导航:首页 > 苏教版本 > 小学英语课本剧一年级

小学英语课本剧一年级

发布时间:2020-12-02 01:13:38

Ⅰ 求适合小学一年级英语课本剧的剧本

《小红帽》行吗?
---------------------------
One day, Mother asked Little Red Riding Hood to take some fruits to her grandma, because Grandma was ill. On her way to Grandma's house, Little Red Riding Hood met a wolf. She talked with the wolf. Then the wolf ran to Grandma's house and ate her up!

剧中角色: Little Red Riding Hood(小红帽), Mother, Wolf, Six Ducks, Grandma

第一场:Little Red Riding Hood家
Mum: (一边走一边拍拍围裙,走到桌子旁停住。把桌子上的水果放在篮里)
Little Red Riding Hood:(唱着歌,欢快地跑进来)Hi, mummy, what are you doing?
Mum: (一边把水果放在篮子里,一边皱着眉说)Grandma is ill. Here are some apples and bananas for Grandma. Take them to Grandma.
Little Red Riding Hood:(边提起篮子,边点头说)Ok!
Mum: (亲切地看着Little Red Riding Hood说) Be good. Be careful.
Little Red Riding Hood: Yes ,mummy.Goodbye, mummy.
Mum: Bye-bye. Darling.
第二场:在路上
(一阵轻快的音乐由远而近,Little Red Riding Hood挎着篮子蹦跳跳地跳到花草旁)
Little Red Riding Hood: Wow!Flowers, how beautiful! (放下篮子采花)One flower ,two flowers, three flowers.
Wolf:(随着一阵低沉的音乐,Wolf大步地走上台)I am wolf. I am hungry. (做找东西状,东张西望) Here is a little red riding hood. Hi! Little Red Riding Hood. Where are you going? (做狡猾的样子和Little Red Riding Hood打招呼)
Little Red Riding Hood:(手摸辫子,天真地回答)To Grandma’s.Grandma is ill.
Wolf:(自言自语)I' ll eat Grandma. But……(对Little Red Riding Hood说)Hey, look! 6 little baby cks.
Little Red Riding Hood:(和6只鸭子随着音乐翩翩起舞)
Wolf:(悄悄地藏到大树后)
Little Red Riding Hood:(停止跳舞)Hello! Baby cks,how are you?
Six Ducks:We’ re fine.Thank you. Where are you going?
Little Red Riding Hood:To Grandma’s.Oh, I must go, bye.
Six Ducks:Goodbye.
第三场:Grandma家
Grandma: (喘着气出场,颤颤悠悠地走到床前,吃力地坐到床边,喘了几口,打几个哈欠,慢吞吞地躺倒在床上。)
Wolf:(从树后出来,边走边说)I am very hungry now. (做找寻的样子)Where is Grandma’ s house? (高兴地对观众说)Aha , it’s here.(敲门)Bang, Bang, Bang.
Grandma: Who is it?
Wolf:(装出Little Red Riding Hood的声音,一边得意地摇动尾巴,一边说)It’s me. Little Red Riding Hood.
Grandma: (边说边起床) Come in, come in.
Wolf:(得意洋洋地走到床边) Grandma , I’ll eat you.
Grandma: (惊慌失措地抓紧衣服,瞪着眼睛,边叫迫从床上滚到地上)
灰狼把外婆吞到了肚子里。
Wolf:(得意地拍拍肚子,翘起大拇指)Yummy!I’ll sleep.
Little Red Riding Hood:(高兴地敲门)Grandma.Grandma.
Wolf:(装扮成Grandma的声音) Who is it?
Little Red Riding Hood:It’s me。Little Red Riding Hood. What a strange noise!
Wolf:Come in, Come in.
Little Red Riding Hood:(蹦跳着进来,把篮子放在桌子上,走到床前一看,跳回几步)Oh! What big ears!
Wolf:I can listen to your sweet voice.
Little Red Riding Hood:Wow! What big eyes!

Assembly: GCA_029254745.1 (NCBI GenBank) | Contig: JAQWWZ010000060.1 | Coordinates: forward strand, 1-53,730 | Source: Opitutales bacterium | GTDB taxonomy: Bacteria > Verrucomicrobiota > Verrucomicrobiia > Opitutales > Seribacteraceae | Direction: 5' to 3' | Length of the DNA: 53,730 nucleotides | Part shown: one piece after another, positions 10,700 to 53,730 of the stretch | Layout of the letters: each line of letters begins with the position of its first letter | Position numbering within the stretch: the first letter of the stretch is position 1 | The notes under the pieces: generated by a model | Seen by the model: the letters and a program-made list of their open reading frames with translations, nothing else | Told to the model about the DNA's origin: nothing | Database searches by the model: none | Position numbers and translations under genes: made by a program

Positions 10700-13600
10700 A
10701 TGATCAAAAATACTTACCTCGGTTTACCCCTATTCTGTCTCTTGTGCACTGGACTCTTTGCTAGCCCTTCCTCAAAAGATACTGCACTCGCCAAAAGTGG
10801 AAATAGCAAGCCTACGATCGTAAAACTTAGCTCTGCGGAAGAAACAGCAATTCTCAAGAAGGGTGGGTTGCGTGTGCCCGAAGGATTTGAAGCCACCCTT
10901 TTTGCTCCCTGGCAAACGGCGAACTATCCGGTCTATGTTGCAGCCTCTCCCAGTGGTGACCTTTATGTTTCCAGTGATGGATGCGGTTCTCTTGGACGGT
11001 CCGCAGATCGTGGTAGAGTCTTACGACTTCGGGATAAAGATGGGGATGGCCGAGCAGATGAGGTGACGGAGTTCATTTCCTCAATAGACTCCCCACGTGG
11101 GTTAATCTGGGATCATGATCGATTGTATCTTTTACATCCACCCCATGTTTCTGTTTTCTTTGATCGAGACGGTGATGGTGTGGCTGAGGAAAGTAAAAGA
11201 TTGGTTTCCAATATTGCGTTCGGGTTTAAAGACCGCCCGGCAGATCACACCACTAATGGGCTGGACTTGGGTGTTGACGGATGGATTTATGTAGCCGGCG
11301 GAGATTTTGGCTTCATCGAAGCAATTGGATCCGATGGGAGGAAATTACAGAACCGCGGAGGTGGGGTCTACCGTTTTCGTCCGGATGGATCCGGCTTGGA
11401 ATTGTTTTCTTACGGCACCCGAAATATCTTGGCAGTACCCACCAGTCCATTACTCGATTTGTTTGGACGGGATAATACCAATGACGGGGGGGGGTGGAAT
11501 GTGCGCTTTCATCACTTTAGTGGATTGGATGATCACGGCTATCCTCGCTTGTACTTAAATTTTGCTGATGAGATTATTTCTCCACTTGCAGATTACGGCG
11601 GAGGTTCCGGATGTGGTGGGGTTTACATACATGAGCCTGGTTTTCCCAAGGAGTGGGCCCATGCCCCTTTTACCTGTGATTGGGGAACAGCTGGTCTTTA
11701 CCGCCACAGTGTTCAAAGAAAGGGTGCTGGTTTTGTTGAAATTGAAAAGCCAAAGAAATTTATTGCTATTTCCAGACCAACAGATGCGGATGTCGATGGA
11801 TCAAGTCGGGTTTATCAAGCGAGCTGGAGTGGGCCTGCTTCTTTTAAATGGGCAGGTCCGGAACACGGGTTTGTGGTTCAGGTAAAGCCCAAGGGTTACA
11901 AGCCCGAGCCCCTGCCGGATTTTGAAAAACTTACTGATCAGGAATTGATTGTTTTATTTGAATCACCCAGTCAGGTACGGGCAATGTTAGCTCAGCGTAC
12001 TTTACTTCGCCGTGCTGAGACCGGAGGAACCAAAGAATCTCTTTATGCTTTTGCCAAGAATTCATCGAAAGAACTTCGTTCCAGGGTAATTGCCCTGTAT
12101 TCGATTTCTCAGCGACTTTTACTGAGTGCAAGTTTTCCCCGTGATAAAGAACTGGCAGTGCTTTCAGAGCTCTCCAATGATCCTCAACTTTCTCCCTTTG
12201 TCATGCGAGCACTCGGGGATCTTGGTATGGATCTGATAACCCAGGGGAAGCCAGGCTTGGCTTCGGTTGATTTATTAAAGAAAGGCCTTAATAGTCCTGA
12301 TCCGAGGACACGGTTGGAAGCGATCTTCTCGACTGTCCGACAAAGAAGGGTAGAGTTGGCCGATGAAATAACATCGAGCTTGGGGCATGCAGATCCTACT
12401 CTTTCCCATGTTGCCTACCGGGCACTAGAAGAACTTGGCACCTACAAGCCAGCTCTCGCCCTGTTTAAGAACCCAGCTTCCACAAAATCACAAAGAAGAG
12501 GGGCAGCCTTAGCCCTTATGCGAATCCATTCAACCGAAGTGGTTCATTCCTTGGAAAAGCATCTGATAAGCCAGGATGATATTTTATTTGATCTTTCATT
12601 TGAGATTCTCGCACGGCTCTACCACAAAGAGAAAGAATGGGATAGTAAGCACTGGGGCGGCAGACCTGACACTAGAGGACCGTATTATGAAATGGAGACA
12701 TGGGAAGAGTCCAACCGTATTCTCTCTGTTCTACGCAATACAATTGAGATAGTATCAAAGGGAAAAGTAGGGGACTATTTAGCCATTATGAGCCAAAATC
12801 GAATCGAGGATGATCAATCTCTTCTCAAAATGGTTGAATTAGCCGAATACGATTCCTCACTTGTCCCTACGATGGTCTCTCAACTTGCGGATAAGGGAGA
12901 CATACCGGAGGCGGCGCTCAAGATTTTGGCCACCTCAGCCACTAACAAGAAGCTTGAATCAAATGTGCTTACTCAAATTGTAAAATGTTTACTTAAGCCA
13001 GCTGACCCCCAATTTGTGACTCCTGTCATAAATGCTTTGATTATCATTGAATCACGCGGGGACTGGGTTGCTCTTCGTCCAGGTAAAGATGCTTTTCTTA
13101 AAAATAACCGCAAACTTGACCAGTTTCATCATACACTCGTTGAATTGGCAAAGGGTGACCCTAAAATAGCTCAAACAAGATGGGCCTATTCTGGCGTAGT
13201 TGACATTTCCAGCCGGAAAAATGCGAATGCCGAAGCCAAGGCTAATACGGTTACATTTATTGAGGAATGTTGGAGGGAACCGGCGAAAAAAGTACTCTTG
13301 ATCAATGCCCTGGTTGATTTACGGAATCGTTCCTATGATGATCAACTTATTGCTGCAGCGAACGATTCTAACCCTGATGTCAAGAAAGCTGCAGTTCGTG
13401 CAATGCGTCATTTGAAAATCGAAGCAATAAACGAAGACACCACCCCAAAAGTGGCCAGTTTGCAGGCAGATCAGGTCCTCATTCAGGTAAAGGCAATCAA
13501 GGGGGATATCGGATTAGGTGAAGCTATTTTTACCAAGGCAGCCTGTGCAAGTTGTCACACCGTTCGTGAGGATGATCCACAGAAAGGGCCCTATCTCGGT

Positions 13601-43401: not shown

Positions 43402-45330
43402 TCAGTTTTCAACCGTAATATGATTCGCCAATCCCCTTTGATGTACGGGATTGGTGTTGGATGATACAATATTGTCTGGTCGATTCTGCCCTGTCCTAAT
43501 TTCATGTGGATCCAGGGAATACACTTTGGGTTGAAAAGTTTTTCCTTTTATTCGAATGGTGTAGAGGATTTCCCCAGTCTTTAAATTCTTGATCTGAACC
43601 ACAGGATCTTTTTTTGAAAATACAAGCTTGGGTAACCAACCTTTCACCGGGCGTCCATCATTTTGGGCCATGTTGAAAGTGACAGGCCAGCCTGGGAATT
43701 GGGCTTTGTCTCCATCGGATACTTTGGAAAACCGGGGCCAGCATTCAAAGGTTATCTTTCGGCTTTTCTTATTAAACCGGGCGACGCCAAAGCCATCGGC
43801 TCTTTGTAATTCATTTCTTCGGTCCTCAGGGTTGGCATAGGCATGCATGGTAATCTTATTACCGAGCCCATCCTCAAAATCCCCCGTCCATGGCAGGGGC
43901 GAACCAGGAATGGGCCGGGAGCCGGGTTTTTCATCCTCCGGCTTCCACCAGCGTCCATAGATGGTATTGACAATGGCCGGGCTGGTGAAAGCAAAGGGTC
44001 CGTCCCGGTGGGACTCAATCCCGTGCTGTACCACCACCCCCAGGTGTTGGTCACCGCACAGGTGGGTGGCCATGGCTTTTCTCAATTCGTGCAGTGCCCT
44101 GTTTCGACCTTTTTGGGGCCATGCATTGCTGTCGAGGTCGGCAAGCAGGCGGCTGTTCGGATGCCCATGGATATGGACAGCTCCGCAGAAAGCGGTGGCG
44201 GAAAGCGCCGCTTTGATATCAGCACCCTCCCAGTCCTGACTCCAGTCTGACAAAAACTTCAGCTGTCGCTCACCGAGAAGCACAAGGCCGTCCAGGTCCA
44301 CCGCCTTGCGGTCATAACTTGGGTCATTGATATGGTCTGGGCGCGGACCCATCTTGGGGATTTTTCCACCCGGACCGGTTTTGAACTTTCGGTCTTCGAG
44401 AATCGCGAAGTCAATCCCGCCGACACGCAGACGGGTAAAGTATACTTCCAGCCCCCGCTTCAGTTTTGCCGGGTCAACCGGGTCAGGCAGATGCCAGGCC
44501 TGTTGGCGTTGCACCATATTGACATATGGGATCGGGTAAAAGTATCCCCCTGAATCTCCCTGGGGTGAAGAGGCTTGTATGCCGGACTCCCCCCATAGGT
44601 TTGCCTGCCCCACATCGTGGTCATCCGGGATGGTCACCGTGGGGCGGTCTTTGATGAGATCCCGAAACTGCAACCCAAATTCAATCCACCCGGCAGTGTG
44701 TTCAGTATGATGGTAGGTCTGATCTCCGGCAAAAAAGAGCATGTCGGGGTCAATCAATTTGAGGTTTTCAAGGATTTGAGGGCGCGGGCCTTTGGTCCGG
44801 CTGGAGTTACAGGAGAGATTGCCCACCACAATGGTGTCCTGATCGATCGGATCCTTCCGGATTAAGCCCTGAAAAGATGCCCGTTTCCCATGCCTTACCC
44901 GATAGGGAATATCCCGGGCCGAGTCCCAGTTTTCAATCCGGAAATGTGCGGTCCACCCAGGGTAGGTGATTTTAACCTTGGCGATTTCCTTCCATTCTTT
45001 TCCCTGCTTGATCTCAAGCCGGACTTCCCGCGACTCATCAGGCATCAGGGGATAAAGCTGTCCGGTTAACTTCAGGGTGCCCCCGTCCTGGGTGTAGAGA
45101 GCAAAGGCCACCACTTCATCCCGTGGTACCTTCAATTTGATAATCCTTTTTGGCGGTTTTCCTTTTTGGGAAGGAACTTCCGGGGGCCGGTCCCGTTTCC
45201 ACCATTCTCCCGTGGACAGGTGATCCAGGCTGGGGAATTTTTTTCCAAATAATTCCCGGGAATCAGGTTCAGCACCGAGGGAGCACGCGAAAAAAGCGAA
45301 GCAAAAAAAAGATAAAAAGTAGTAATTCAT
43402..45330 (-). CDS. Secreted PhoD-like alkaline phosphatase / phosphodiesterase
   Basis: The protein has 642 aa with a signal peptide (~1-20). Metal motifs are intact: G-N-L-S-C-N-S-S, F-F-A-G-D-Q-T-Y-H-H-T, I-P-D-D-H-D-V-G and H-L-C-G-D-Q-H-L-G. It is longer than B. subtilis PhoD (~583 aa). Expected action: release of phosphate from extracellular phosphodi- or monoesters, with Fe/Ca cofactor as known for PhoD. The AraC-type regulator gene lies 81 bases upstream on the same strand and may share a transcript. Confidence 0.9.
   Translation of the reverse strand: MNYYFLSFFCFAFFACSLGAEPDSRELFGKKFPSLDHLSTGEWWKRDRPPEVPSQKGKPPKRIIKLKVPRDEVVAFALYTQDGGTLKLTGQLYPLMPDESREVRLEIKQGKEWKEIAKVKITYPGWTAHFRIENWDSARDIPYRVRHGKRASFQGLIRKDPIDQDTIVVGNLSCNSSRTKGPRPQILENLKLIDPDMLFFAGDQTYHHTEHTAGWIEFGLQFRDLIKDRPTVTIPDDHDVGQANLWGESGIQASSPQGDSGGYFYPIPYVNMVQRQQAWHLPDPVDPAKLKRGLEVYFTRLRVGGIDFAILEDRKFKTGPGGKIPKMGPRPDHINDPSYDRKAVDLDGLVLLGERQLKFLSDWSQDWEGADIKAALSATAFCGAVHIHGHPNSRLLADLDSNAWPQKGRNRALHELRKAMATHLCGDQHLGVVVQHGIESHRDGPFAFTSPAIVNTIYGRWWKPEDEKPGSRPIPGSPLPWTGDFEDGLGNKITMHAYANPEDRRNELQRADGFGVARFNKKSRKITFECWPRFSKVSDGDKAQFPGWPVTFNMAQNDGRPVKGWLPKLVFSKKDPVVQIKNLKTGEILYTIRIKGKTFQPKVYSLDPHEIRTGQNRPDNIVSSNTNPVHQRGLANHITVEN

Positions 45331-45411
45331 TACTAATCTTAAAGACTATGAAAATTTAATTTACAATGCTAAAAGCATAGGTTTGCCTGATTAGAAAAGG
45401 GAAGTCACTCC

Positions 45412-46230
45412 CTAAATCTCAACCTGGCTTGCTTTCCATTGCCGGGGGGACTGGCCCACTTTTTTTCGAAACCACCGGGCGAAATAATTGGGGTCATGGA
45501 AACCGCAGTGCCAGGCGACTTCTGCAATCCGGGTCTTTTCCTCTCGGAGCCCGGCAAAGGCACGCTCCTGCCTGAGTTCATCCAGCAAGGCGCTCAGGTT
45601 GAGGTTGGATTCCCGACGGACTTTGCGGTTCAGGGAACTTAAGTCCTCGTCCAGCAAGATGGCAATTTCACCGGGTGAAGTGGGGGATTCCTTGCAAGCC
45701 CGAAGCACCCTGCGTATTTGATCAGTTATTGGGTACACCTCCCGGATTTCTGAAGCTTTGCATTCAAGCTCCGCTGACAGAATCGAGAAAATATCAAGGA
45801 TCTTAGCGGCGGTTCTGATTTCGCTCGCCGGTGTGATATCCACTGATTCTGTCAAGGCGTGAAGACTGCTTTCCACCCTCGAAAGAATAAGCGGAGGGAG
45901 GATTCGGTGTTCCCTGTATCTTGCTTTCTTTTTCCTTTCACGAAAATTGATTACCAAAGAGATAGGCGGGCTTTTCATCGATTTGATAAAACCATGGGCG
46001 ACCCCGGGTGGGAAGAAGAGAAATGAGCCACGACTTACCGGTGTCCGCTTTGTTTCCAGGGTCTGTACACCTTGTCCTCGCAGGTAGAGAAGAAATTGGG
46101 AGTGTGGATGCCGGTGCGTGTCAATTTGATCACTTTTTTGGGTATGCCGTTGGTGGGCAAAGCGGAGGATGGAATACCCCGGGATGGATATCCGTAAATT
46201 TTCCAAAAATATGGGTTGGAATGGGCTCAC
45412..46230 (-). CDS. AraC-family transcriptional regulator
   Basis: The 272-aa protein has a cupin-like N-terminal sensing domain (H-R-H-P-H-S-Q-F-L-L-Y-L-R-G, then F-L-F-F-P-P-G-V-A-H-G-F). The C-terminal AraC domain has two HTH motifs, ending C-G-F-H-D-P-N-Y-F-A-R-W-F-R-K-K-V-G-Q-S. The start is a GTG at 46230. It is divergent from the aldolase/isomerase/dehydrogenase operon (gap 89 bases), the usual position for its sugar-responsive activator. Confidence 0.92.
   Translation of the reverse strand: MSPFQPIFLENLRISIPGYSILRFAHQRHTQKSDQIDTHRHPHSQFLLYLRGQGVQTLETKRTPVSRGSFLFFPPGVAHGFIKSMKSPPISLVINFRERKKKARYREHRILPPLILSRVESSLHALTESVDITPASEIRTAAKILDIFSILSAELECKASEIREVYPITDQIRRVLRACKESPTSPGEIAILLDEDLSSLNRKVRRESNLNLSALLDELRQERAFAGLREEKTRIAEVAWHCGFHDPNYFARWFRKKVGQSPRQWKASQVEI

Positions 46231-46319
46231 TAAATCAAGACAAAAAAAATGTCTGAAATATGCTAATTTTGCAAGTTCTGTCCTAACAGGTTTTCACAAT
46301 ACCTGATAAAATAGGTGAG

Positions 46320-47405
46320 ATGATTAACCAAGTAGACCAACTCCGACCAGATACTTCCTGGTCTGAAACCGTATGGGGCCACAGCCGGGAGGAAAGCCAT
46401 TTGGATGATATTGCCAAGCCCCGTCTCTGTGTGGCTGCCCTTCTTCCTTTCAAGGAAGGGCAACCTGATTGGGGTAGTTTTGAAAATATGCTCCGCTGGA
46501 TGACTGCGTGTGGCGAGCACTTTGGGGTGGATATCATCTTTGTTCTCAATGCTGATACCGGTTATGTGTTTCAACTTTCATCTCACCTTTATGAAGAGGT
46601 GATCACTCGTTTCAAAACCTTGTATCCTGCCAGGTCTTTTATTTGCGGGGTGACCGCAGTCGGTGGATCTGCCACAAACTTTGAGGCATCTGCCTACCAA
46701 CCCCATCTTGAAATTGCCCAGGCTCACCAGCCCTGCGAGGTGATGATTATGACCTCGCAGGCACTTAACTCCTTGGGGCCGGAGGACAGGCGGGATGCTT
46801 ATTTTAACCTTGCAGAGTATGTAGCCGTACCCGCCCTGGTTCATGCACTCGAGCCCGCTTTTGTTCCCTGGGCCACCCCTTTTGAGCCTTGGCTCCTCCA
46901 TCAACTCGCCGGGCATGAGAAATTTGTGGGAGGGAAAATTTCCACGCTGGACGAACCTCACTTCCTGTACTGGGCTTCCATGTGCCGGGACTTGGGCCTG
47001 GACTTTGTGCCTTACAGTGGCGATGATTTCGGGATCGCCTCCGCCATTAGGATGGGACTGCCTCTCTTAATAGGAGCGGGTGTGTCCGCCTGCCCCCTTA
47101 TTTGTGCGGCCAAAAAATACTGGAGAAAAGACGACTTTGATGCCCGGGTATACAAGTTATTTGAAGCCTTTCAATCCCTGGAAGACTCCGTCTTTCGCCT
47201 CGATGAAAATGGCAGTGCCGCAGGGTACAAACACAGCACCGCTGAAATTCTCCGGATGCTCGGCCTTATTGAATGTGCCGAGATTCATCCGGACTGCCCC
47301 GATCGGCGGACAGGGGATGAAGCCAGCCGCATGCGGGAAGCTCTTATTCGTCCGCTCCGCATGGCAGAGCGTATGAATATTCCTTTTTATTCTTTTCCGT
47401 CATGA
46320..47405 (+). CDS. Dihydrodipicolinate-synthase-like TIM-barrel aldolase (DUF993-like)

Wolf:I can see you pretty face.
Little Red Riding Hood:Oh! What big hands.
Wolf:I can hug you.
Little Red Riding Hood:(跪在床前,拉起Wolf的手,边摸边说)Look! What a big hands?
Wolf:(从床上跳起来说)I can eat you!
Little Red Riding Hood:(拼命地跑)Oh!No! No!
Wolf:(追到Little Red Riding Hood,做吃状,拍拍肚子说)It’s delicious. I still sleep. I like sleeping.
Hunter: (一边拿着枪,一边做寻找状出场)Where’s the wolf? Look! A door.(推门)The wolf is sleeping.
Wolf:(发出呼呼的响声)
Hunter: (端起枪想打,又放下)What a big stomach! (摸摸Wolf的肚子)Grandma and Little Red Riding Hood are inside .I must be hurry.(从桌子上拿起剪刀,举起) Look! Scissors. (做剪Wolf的肚子)Cut, cut, cut.
Little Red Riding Hood/Grandma:Thank you.
Hunter: Grandma ,give me some needles and thread.Little Red Riding Hood ,Give me some stones.
Grandma: (从桌子上拿来针线)
Little Red Riding Hood:(搬来几个石头)One, two, three.
Hunter: (把小石头装进Wolf的衣服里)
Grandma: I'll thread it.
Hunter: (拿起枪)Wake up!
Wolf:(起床,两手托着大肚子)My stomach is so heavy.
Hunter: You big bad wolf, raise your arms!
Wolf:(边跑边说) Help! Don’t shot me!
Hunter: (开枪)Bang, bang!
Wolf: (应声倒下)
Hunter: The bad wolf is dead.
Little Red Riding Hood和Grandma:Yeah! Thank you.
Little Red Riding Hood、Grandma、Hunter(一起鞠躬): Thank you.

Cocky Rooster
Long, long ago, there was a beautiful rooster. He was very proud of his beauty. When his friends were out collecting food for winter, he just slept or sang songs. But soon, winter came... What happened?
剧中角色: Rooster Horse Frog Bee Woodpecker
剧本提供:北京市北师大实验小学 刘源源老师 杨丽霞老师
Scene One
Horse: Oh, spring, spring is coming. It's time to get up. Hi, guys, wake up, wake up! Spring is here! Spring is here!
All: wow, spring is here, spring is here.
Frog: Look, leaves are turning green.
Frog: Flowers are opening.
Bee: And the river begins to dance.
Bee: The air smells fresh!
Woodpecker: Listen, birds are singing.
All: It's spring now! It's spring now.
H: My dear friends, the whole year's work depends on a good start in spring. I think we should start to work right now.
F: Yes, we should plough the fields and plant rice.
B: For us, it's time to collect pollen.
B: Oh, where is Mr. Rooster?
W: He must be dreaming now.
All: He is so lazy!
F: Why not wake him up and ask him to join us?
H: Rooster, Mr. Rooster, wake up, wake up. It's spring now. We should start to work.
All: Yes, we should start to work.
R: Oh, no, I'm still sleepy.
All: Oh! Sleepy??
B: No Rooster. It's spring now. Everyone should start to work.
R: Work? I don't need to work. My mum and dad never taught me how to work.
F: You don't work?
F: I can't believe it, what do you eat?
R: Eat? I can find food everywhere, worms, corns and grains. Why do I need to work?
B: Oh! Look, Mr. Rooster has become so beautiful.
All: Oh yes, he is so beautiful!!
R: You are right, I'm so beautiful, so I don't need to work at all. Look at me, red crest and colorful coat, shiny neck and golden feet. Do you have anything like these?
H: Rooster, we are not so pretty as you are, but we can do much work.
B: Yes, yes, we can make the sweetest honey in the world.